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allege

[uh-lej] /əˈlɛdʒ/
verb (used with object), alleged, alleging.
1.
to assert without proof.
2.
to declare with positiveness; affirm; assert:
to allege a fact.
3.
to declare before a court or elsewhere, as if under oath.
4.
to plead in support of; offer as a reason or excuse.
5.
Archaic. to cite or quote in confirmation.
Origin
1275-1325
1275-1325; Middle English alleg(g)en, probably < Old French aleguer (< Medieval Latin, Latin allēgāre to adduce in support of a plea; see allegation), conflated with Anglo-French, Old French aleg(i)er to justify, free, literally, to lighten (< Late Latin alleviāre; see alleviate); homonymous Middle English v. alleg(g)en, with literal sense of Old French aleg(i)er, replaced by allay in 16th cent.
Related forms
allegeable, adjective
alleger, noun
misallege, verb (used with object), misalleged, misalleging.
preallege, verb (used with object), prealleged, prealleging.
reallege, verb (used with object), realleged, realleging.
Can be confused
accuse, allege, charge.
Synonyms
1. See maintain. 2. state, asseverate, aver. 3. attest.
Antonyms
2. deny.
Dictionary.com Unabridged
Based on the Random House Dictionary, © Random House, Inc. 2014.
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British Dictionary definitions for preallege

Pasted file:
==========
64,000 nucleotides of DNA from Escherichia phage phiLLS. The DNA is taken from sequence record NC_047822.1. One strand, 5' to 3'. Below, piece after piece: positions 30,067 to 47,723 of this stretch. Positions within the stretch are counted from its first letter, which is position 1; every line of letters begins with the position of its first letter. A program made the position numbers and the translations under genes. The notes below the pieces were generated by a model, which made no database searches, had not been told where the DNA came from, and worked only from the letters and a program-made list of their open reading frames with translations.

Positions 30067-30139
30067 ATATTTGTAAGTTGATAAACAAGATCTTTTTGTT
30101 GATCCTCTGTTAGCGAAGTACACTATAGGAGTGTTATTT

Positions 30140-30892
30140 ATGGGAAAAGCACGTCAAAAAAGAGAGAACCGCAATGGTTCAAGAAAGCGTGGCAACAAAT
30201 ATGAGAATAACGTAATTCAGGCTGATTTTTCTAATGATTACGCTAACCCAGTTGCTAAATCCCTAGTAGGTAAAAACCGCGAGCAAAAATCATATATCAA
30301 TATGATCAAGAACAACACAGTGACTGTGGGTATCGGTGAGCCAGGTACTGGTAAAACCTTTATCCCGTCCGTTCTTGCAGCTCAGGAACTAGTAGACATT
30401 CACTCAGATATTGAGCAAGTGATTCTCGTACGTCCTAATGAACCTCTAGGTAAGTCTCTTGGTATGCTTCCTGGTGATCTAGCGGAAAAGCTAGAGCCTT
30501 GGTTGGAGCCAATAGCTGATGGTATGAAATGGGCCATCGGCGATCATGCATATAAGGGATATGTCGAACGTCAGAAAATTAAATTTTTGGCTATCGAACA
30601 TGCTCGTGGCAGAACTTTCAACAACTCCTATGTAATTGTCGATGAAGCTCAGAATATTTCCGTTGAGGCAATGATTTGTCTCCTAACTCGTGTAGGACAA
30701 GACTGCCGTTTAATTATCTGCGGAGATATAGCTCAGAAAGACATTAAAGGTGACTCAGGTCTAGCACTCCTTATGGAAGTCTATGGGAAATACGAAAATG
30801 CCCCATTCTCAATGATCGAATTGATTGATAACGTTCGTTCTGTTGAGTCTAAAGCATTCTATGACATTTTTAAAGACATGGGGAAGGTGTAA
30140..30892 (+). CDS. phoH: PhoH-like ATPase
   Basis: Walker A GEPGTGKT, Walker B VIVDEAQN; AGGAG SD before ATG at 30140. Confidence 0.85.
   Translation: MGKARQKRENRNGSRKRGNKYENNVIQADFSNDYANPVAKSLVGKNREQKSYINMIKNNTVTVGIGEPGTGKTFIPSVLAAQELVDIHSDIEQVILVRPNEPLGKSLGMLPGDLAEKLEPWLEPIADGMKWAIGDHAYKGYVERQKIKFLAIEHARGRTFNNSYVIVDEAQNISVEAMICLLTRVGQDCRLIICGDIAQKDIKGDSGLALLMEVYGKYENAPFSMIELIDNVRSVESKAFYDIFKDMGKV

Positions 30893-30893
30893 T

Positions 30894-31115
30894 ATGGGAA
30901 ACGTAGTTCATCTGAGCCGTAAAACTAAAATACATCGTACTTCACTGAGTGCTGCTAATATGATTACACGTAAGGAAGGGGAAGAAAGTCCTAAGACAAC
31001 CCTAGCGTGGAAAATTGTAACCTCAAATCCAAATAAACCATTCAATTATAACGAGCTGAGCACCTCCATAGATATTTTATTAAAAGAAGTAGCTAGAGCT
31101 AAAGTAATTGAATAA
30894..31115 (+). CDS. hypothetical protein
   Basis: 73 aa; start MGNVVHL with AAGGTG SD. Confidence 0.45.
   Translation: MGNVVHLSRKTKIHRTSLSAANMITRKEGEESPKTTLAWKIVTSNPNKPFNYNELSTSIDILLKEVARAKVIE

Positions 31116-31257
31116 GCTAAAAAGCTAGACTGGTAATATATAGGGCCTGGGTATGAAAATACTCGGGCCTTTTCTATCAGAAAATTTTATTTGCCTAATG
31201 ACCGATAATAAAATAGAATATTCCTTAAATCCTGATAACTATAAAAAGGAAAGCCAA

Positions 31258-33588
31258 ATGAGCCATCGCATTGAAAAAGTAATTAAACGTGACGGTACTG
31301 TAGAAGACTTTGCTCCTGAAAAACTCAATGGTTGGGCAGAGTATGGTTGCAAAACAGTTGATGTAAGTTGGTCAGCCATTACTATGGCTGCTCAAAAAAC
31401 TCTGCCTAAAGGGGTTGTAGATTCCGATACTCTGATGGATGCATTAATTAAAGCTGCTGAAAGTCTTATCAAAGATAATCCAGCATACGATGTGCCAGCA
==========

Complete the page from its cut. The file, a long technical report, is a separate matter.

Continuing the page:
allege

/əˈlɛdʒ/
verb (transitive; may take a clause as object)
1.
to declare in or as if in a court of law; state without or before proof: he alleged malpractice
2.
to put forward (an argument or plea) for or against an accusation, claim, etc
3.
(archaic) to cite or quote, as to confirm
Word Origin
C14 aleggen, ultimately from Latin allēgāre to dispatch on a mission, from lēx law
Collins English Dictionary - Complete & Unabridged 2012 Digital Edition
© William Collins Sons & Co. Ltd. 1979, 1986 © HarperCollins
Publishers 1998, 2000, 2003, 2005, 2006, 2007, 2009, 2012
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Word Origin and History for preallege

allege

v.

c.1300. It has the form of one French verb and the meaning of another. The form is Anglo-French aleger, Old French eslegier "to clear at law," from Latin ex- "out of" (see ex-) and litigare "bring suit" (see litigate); however eslegier meant "acquit, clear of charges in a lawsuit." It somehow acquired the meaning of French alléguer, from Latin allegare "send for, bring forth, name, produce in evidence," from ad- "to" (see ad-) + legare "to depute, send" (see legate). Related: Alleged; alleging.

Online Etymology Dictionary, © 2010 Douglas Harper
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